The State of the Election Address

America faces large problems: A soaring national debt, chronic unemployment that may become systemic, government services at the breaking point, a regulatory state that is verging on predatory, a Middle East falling increasingly into the hands of America's enemies as America's international peacekeeping becomes ever more unaffordable, and a world economy on the brink of catastrophe. In this moment, America needs a big thinker who can project confidence and inspire and unify the American people, but instead we have President Barack Obama. He is not only too small a thinker for the moment, he is simply too small for it, too venal, too divisive, too skeptical of economic freedom and of America's role in the world.

Tonight's State of the Union address was not an address on the status of our country. It was truly a State of the Election speech, focused on Obama making the pitch to keep his job rather than standing as a president of all the people. This president has never seen himself as that, a president of all the American people. He called for everyone to work together, for instance, but as a citizen of a state that did not support him in 2008, I have never seen a president more hostile to me or the state in which I live in my entire life. He has sent the regulatory state to stifle the energy industry here, mocked the desire for a more secure border with Mexico at a time when the drug war to our southwest has become as violent as any war in the world, and used his partisan health care law to push the federal government deeper into our personal lives and family choices.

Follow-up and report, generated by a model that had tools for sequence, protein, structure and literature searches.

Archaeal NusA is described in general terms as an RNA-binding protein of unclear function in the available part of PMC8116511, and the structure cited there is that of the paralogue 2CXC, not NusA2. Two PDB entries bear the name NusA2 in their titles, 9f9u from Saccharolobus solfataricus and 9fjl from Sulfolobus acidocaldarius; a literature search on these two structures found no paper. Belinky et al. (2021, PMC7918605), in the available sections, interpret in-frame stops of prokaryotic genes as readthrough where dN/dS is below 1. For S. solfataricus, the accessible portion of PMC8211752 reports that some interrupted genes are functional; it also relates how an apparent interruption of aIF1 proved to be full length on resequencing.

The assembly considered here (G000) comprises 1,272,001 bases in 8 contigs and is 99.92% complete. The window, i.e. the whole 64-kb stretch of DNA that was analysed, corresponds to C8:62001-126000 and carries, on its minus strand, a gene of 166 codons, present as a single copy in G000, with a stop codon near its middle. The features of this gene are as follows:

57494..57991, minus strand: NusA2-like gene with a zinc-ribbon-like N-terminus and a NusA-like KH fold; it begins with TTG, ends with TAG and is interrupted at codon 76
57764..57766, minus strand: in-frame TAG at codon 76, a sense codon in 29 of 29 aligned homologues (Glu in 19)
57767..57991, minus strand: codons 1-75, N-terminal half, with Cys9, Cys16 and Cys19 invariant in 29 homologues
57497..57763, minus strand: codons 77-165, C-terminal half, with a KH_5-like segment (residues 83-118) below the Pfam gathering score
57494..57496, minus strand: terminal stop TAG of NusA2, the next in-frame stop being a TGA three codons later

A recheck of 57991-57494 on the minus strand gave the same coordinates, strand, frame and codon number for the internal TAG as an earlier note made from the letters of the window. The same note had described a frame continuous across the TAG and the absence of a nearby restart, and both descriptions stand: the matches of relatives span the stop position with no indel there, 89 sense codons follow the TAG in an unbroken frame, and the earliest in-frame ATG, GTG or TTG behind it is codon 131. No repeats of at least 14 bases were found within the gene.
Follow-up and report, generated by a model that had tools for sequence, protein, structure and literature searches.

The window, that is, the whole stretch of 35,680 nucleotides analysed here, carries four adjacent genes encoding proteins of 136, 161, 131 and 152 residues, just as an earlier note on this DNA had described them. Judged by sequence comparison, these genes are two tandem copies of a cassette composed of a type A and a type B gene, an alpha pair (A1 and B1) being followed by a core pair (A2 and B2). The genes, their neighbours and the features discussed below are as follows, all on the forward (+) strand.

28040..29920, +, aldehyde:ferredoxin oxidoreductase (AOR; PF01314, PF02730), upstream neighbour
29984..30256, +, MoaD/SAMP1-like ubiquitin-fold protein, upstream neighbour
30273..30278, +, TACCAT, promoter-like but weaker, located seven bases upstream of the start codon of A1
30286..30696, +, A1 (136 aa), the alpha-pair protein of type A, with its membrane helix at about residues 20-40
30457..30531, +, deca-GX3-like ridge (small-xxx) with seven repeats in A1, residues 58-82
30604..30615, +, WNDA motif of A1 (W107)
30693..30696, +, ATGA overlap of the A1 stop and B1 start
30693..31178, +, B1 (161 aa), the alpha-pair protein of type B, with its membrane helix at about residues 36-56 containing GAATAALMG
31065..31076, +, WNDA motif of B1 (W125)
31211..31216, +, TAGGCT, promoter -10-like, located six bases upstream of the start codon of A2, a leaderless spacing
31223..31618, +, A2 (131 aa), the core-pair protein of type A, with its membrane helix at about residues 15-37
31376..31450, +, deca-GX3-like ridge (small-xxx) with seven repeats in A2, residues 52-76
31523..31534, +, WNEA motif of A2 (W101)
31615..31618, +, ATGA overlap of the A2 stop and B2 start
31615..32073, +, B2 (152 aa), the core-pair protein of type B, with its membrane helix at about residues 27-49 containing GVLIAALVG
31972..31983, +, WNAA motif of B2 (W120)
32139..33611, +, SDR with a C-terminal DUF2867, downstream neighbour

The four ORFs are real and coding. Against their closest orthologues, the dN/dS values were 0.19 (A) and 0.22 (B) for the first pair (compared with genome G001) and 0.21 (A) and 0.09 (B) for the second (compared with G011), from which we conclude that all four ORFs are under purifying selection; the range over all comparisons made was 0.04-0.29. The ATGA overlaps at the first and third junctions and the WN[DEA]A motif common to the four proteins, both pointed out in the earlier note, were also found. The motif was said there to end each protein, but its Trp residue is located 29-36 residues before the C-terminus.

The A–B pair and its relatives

Tonight's speech followed the pattern of previous SOTU addresses, in being more about politics than about the state of our union. Barack Obama did not establish that pattern, but he did nothing to change it either. If anything, by showcasing a dishonest case for increasing taxes on the wealthy, he exacerbated it. By calling for what amounts to legislating profitability for "green" energy companies that haven't proven they can stand on their own he proposes putting tax dollars toward partisan ends, when the nation is broke and the government has never made the case that it chooses more wisely than the market. By calling for more government intervention in the US economy, he called for more government, and less freedom. Even when he lauded MasterLock bringing jobs back to the United States, the president went out of his way to note that they were union jobs. Was that a signal that, as long as the jobs created are unionized, he will not sick his National Labor Relations Board on the job creator? He said the US auto industry was "back" while the American people continue to lose money on our forced investment in it. He proposed a new international trade bureaucracy, without detailing the costs. He claimed that the economy has created 3 million new jobs in 22 months, but left out the fact that many Americans have simply given up looking for work at all. When he did get around to mentioning the unemployed, it was in the context of proposing a government re-training program. Again, no details on how it would be paid for. He did eventually propose one way to pay for some of his ideas: Cutting the military.